Finding Repetition’s Vertical Enchantments Hidden Within Linear Composing


Most of the time when I’m producing music I approach it in terms of a through-composed journey through time—a getting from one place to another. The clearest example of such a journey is a free improvisation, say at the piano, which I do a lot. When I improvise I tend to move outwards from a center starting point, always building. Sometimes that means moving from a lower register to a higher one (or vice-versa), moving from soft to more loudly (or vice versa), or transforming a melody or sequence of chords into something more elaborate (or pared down). Whatever I do, I often chase after this sense of a journey in musical time and a journey over the space of the instrument’s terrain. When it comes to building pieces with more than a single sound, I still begin the process by trying to through-compose each part in its entirety because this gives me the best chance to capture a performance with energy. Once I have some performances recorded, I can begin refining and tweaking them into something sharper and more compelling and in that process gradually build the form of the piece. 

As anyone who uses DAW (digital audio workstation) software knows, when you record a part (a beat, a chord sequence, a bass line) it appears on the screen as a colored sequence that unfolds like an unspooled horizontal ribbon, from left to right. A piece with ten parts is thus represented as a stack of ten colored ribbons, each of which contains the MIDI data (or audio) for an individual sound. One of the useful things about this left-to-right visual representation of your piece is that it provides an instant bird’s eye view of a performance, and, if you work in sections, these sections can be easily delineated and re-arranged. In short, recording into the computer turns your music into a fully modular experience whereby structure is perpetually fungible.


Recently (a few months ago) though, I realized that I hadn’t been exploring a vital hidden benefit of my through-composed parts arranged into horizontal ribbon sequences. The hidden benefit is being able to loop the music along any section of its horizontal unfolding–whether a fraction of a beat to twelve bars or somewhere in between. I resisted doing this because I’ve long approached my work with assumptions about repetition. I assumed that repeating a section would be less interesting than doing something new within it. I assumed that repetition would be more boring than change. And I assumed that relying on loops of any kind was tantamount to creative cheating. Yet my ears were telling me to think again. But Tom, this sounds cool!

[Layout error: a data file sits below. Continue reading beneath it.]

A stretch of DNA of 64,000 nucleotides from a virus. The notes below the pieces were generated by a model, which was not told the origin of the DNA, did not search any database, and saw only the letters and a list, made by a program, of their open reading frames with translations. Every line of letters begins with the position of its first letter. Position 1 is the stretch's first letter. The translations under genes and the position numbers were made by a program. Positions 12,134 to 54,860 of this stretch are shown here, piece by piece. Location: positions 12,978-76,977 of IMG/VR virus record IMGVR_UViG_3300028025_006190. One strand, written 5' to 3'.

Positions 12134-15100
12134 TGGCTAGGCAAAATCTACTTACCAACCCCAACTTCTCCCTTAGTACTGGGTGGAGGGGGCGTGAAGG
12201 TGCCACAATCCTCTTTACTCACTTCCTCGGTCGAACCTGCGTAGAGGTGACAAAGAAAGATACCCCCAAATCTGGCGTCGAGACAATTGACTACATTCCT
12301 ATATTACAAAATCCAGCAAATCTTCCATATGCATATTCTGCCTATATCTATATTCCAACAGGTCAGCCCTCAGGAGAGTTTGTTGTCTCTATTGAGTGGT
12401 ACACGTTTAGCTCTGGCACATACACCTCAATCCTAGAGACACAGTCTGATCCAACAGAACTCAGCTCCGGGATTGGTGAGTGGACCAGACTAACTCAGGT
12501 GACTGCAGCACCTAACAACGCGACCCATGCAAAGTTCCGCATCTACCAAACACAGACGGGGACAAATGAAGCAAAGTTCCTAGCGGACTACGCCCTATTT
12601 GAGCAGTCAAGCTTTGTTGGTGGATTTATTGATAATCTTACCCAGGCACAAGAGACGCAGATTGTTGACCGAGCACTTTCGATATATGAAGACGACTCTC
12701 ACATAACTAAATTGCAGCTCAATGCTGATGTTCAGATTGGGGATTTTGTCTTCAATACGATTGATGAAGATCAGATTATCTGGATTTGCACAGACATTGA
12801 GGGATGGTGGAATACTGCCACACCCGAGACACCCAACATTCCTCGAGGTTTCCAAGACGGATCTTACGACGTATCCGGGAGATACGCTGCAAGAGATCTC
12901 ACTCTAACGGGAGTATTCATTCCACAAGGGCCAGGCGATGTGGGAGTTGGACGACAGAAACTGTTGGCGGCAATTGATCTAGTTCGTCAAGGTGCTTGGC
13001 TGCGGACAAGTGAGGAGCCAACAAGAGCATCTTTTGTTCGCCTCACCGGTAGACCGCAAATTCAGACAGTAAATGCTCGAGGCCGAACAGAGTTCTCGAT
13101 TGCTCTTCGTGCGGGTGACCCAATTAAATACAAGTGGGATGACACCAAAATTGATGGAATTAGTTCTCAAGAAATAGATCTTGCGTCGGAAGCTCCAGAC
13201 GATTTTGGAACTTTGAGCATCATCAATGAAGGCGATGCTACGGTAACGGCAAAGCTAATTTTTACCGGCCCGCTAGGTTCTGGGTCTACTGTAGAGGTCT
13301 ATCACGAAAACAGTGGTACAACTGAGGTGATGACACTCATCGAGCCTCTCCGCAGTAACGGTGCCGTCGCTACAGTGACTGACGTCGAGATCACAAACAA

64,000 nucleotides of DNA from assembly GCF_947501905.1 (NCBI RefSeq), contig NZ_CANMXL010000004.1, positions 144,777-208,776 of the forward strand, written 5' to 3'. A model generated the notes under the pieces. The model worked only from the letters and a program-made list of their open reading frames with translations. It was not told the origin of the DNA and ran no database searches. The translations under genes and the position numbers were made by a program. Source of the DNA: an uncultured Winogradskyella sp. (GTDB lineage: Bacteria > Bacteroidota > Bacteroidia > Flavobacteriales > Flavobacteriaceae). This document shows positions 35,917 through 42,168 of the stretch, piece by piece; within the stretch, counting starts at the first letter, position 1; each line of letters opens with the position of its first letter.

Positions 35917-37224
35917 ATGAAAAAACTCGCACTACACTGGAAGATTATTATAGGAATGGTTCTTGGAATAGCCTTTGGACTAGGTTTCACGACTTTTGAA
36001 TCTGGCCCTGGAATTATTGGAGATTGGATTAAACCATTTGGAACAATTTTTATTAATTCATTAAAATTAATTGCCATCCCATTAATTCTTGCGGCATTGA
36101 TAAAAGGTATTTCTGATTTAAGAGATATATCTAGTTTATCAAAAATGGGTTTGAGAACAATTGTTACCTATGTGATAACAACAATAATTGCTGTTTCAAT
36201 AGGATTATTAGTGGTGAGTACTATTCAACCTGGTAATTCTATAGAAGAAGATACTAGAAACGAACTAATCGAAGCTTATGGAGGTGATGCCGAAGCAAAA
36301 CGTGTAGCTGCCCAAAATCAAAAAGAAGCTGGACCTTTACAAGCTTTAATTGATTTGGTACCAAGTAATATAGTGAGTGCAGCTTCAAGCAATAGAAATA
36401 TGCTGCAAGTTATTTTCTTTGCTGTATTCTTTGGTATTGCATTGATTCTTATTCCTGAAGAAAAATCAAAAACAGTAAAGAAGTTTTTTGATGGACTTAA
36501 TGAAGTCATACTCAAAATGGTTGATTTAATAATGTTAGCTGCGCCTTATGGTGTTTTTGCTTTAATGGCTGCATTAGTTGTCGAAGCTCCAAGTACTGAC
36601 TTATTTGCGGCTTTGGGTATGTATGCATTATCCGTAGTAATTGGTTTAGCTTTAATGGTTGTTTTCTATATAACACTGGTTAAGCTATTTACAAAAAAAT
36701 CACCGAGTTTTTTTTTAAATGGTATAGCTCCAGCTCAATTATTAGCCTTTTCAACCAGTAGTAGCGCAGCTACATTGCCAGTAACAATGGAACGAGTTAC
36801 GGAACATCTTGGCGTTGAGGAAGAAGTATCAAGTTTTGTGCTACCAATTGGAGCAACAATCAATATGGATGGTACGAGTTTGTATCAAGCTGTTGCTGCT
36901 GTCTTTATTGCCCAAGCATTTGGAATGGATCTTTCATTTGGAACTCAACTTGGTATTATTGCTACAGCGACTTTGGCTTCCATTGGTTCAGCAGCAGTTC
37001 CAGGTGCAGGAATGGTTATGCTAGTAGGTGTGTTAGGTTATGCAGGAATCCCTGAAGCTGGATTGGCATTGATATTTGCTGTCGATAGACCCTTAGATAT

So I decided, somewhat arbitrarily, that each piece would have a “breakdown” section at some point where I would exploit the repetition potential of a snippet of the music. To find suitable sections I tried looping a few bars here and there until something clicked. It’s obvious when a section loops well because it immediately manifests an energy you never noticed when it only went by once. Also, a great loop sounds inevitable. Once I found a loopable section I looped it and began muting individual parts within it, and then experimented with various combinations of muted and unmuted parts. This further revealed qualities that had been hidden just a few minutes ago. Suddenly there was space in the music. Suddenly it was grooving better. Suddenly I was curious to hear how the music would resolve itself—would it stay in this loop or morph into something else? Suddenly I was hearing what I had worked on for so many months from a fresh perspective. Yes, this does sound cool!              

The takeaway from my loop experiments is that I learned that my through-composed material is simultaneously a finished statement in itself and also, if I let it, a starting point for further looping and manipulation. One of the reasons I have been a snob about repetition is that I’m weary of it being used—and weary of my using it—as a substitute for new ideas. Just because something is looped doesn’t necessarily make it interesting. This is why I perform parts, as much as I’m able, as complete statements that get me from one place to another. But now I have a lot of material to play with and loop to hear its hidden significances. Playing with repetition is teaching me that the music could become more than I now know.     


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